Over the next year, the company would develop the world’s first FPGA and begin selling it on the market. The company saw small, yet consistent growth over the following years. The growth of Xilinx was directly tied to the growing demand for programmable logic. Xilinx would notice a very significant amount of growth between 1988 to the mid-1990’s, which was when Xilinx would be introduced to first real competitors in the FPGA market.

The Virtex and Spartan lines were both first released in 1999. Virtex was designed as a high-performance FPGA while the Spartan line was meant for high-volume projects. Both would remain the primary family lines until 2010 when Xilinx would add a few new models. 1998 also marked the end of the previous XC line.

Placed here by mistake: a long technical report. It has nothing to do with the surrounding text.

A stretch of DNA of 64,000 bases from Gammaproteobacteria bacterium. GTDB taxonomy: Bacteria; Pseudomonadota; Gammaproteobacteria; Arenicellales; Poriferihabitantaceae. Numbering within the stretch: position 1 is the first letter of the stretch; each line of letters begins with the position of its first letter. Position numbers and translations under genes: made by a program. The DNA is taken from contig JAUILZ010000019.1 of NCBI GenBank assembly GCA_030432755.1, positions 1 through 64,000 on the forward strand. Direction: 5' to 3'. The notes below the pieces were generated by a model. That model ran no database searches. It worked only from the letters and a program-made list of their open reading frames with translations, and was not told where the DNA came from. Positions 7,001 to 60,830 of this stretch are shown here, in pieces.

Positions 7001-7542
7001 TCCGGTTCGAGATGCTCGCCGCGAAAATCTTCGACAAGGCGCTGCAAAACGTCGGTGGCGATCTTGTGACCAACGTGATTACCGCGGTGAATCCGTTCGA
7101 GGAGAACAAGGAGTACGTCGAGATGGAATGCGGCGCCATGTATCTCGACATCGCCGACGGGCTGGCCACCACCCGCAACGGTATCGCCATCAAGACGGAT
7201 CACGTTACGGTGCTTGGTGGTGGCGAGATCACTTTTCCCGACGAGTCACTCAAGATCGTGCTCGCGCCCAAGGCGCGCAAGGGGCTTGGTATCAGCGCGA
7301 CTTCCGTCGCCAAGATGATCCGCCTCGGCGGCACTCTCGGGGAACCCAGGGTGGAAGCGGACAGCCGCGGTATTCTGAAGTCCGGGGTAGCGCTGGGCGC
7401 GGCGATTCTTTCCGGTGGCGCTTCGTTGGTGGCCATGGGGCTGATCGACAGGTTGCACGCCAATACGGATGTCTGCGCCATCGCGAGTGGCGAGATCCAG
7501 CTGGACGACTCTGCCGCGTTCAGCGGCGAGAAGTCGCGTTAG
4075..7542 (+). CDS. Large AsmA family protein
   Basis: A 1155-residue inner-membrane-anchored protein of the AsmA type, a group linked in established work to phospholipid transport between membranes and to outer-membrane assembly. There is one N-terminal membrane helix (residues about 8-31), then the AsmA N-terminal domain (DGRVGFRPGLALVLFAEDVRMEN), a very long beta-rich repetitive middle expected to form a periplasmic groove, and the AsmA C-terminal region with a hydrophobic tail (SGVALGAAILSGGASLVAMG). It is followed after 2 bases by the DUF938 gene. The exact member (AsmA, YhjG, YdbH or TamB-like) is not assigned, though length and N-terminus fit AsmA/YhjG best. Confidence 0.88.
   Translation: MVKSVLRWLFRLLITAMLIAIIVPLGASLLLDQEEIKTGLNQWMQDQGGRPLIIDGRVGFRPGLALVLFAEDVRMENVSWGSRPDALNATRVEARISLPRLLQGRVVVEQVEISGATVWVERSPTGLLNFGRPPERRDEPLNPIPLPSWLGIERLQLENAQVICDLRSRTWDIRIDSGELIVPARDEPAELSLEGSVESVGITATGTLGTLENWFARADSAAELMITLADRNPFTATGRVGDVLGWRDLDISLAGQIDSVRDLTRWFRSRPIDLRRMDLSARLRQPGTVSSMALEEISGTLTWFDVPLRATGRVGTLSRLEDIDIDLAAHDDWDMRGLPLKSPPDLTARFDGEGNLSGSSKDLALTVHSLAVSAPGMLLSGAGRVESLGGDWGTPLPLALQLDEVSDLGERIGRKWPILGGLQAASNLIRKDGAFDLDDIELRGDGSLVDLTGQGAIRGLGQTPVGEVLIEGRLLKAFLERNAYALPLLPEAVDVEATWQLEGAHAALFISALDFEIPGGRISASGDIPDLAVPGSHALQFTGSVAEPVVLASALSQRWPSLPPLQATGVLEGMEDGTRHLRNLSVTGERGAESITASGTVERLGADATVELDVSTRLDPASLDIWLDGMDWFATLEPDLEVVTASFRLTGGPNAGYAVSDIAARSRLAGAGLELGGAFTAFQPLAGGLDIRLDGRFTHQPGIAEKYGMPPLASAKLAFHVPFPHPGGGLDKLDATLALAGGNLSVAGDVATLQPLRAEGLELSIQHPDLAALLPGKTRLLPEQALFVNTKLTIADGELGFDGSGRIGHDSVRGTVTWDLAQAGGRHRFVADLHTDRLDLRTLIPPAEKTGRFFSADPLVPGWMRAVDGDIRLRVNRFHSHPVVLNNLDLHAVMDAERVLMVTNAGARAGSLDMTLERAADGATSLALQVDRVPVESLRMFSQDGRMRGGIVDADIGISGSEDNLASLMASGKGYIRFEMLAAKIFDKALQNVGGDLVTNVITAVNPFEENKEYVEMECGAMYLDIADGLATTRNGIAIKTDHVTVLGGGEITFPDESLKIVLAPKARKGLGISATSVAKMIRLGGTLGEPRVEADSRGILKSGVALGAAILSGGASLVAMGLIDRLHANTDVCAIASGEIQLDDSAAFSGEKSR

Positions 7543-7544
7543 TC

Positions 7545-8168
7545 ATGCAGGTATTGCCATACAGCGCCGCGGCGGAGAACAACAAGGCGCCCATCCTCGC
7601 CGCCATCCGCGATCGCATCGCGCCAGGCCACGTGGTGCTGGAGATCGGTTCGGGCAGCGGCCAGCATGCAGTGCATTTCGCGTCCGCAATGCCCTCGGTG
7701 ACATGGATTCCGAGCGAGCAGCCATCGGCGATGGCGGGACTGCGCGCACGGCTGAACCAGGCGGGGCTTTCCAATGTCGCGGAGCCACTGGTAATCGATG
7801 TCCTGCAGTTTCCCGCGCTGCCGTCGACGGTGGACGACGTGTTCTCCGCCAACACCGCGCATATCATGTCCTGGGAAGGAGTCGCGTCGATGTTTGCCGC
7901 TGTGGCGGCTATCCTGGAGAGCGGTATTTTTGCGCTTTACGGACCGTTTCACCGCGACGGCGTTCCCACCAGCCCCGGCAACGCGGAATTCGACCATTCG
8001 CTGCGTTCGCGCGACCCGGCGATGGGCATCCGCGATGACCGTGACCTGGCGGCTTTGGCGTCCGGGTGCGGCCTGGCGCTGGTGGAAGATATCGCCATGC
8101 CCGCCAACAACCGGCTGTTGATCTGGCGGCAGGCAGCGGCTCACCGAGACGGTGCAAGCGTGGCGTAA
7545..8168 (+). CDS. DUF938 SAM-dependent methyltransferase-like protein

A Look At The Spartan Line

The first Spartan FPGA was announced in 1998 and was met with a great deal of praise. It was to be the lowest-cost FPGA to ever be sold. Xilinx claimed that the chip would cost less than $2 by the year 2000. Of course, simply being cheap isn’t enough to make it stand out. The Spartan family was designed with on-chip ram, high-performance capability, and very low energy consumption. It was exactly what you would want if you were managing a project that needed a lot of FPGA chips.

The Spartan family of chips was also designed to work with the Xilinx Foundation and Alliance Series software for those who purchased the license. It made it easy to quickly program the FPGA, though the language used was rather complicated. Today, programming the FPGA hardware has become easier than ever before.